Hampi is a village near Hospet in Bellary district in northern Karnataka state, India. A former capital located on the banks of Tungabhadra River that houses the ruins of the Vijayanagar Empire
The name Hampi originated from the word Pampa, the ancient name for the River Tungabhadra that flows through the city. The name "Hampi" is an anglicized version of the Kannada Hampe (derived from Pampa). Over the years, it has also been referred to as Vijayanagar and Virupakshapura (from Virupaksha, the patron deity of the Vijayanagar rulers).
Achyutaraya Temple/Tiruvengalanatha Temple, Ahmed Khans Mosque and Tomb, Akka Tangi Gudda, Virupaksha Temple, Hazara Rama Temple, Elephant Stables, Stepped Tank, Ugra Narasimha, House of Victory, Archaeological Museum, Queen's Bath, Sasivekalu and Kadalekalu Ganesha, Lotus Mahal, Tula Bhara, Daroji Sloth Bear Sanctuary, Aqueducts and Canals, Badava Linga, Balakrishna Temple, Bhima's Gate, Big Shivlinga, Coracle Crossings, Courtesans Street, Ganagitti Temple, Gejjala Mantapa, Granaries, Hampi Bazaar, Hemakuta Hill, Kadalekalu Ganesha Temple, King's Balance, Mahanavmi Dibba, Malyavanta Raghunathaswamy, Matanga Hill, Monkey Temple, Monolith Bull, Narasimha Temple, Octagonal Bath, Gagan Mahal, Palace of Vira Harihara, Pattabhirama Temple, Purandaradasa Mantapa, Rishimukh Riverside Ruins, Royal Enclosures, Shri Vijaya VitthalaTemple, Stone Chariot, Stone Doors, Talarigatta Gate, Yeduru Basavanna, Yentrodharaka Anjaneya temple, Zenana Enclosure.
Hampi, the 14th century capital of the Vijayanagar Empires, lies in the Deccan heartland in the state of Karnataka. The ruins of Hampi are scattered throughout an area of 26 sq. km area, amidst giant boulders and vegetation. Protected by the tempestuous river Tungabhadra in the north and rocky granite ridges on the other three sides, the ruins narrate a silent story of grandeur splendor and fabulous wealth.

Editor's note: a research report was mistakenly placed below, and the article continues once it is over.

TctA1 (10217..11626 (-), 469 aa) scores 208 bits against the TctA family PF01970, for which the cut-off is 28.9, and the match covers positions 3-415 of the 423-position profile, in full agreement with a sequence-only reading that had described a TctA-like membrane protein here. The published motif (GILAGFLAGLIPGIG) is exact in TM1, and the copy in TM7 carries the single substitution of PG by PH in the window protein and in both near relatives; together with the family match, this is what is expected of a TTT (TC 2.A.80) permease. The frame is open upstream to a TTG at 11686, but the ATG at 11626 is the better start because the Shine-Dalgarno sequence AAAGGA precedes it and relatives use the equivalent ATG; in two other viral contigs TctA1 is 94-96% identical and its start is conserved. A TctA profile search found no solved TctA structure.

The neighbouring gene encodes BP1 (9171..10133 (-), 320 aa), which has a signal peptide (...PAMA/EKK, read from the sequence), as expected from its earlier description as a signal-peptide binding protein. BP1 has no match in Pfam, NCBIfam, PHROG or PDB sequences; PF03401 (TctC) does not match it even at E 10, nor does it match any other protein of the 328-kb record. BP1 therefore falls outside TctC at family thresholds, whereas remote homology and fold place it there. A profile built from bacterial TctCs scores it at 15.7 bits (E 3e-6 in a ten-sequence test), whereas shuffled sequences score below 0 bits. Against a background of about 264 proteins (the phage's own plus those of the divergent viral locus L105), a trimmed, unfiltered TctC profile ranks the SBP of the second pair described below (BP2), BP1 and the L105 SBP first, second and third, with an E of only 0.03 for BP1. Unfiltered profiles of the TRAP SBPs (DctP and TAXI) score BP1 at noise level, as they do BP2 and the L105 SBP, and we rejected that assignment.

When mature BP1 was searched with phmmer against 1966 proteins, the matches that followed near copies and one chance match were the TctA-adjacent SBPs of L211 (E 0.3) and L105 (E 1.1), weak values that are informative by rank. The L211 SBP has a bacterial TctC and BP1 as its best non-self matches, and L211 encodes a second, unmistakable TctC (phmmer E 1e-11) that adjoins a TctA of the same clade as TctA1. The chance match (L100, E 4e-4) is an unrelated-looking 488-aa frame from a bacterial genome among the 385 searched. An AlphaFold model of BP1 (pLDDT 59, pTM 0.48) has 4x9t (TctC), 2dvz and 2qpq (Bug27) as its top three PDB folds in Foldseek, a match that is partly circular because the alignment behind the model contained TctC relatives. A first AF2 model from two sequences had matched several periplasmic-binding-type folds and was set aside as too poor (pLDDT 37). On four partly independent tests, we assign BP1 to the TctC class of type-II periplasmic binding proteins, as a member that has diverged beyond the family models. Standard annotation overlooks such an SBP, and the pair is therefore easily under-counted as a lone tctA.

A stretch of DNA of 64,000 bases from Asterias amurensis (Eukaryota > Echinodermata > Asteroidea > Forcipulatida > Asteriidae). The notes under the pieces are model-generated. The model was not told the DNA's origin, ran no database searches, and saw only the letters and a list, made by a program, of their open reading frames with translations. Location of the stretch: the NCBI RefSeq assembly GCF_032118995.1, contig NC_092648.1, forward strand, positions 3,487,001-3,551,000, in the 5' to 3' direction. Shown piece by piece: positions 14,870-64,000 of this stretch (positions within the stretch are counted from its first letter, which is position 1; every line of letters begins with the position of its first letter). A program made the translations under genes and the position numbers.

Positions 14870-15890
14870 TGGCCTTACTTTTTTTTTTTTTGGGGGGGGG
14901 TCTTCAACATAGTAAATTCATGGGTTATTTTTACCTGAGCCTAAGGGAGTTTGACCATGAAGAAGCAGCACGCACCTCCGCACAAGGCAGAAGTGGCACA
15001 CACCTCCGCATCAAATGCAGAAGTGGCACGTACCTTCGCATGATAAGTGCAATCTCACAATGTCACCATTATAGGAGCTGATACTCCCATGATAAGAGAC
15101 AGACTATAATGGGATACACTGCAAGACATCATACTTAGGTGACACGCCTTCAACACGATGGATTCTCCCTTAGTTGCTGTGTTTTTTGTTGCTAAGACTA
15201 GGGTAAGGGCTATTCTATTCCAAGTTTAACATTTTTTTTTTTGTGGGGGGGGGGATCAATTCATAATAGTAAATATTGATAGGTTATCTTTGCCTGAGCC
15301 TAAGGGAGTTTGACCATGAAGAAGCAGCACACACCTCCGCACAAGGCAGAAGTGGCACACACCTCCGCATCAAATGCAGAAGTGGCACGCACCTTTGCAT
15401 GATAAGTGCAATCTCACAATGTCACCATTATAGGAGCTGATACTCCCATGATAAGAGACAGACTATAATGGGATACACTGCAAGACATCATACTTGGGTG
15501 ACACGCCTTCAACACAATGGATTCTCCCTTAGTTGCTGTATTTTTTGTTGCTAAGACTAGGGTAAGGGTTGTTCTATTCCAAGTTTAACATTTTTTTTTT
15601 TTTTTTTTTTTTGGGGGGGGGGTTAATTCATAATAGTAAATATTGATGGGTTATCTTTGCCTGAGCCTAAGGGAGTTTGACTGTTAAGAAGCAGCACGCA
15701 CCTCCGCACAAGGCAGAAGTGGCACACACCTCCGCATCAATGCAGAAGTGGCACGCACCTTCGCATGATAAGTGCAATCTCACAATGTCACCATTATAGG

The splendid remains of palaces, temple complexes and gateways of the broken city of Hampi was planned in such a way that the important structures are located in two areas, referred to as the Royal Centre and the Sacred Centre. The Royal Centre contains remnants of opulent palaces, baths, pavilions, royal stables, while the Sacred Centre locates holy temples. The Sacred Centre is situated on the northern edge of the city along the banks of the holy Tungabhadra River. As you stand amidst its ruins, you can almost imagine the precious stones that must have once fitted these structures. And then it does not come as a surprise why Hampi was then declared by the UNESCO a 'World Heritage in Danger' and one of the most important tourist hubs of south India.
Bangalore is 350 kms.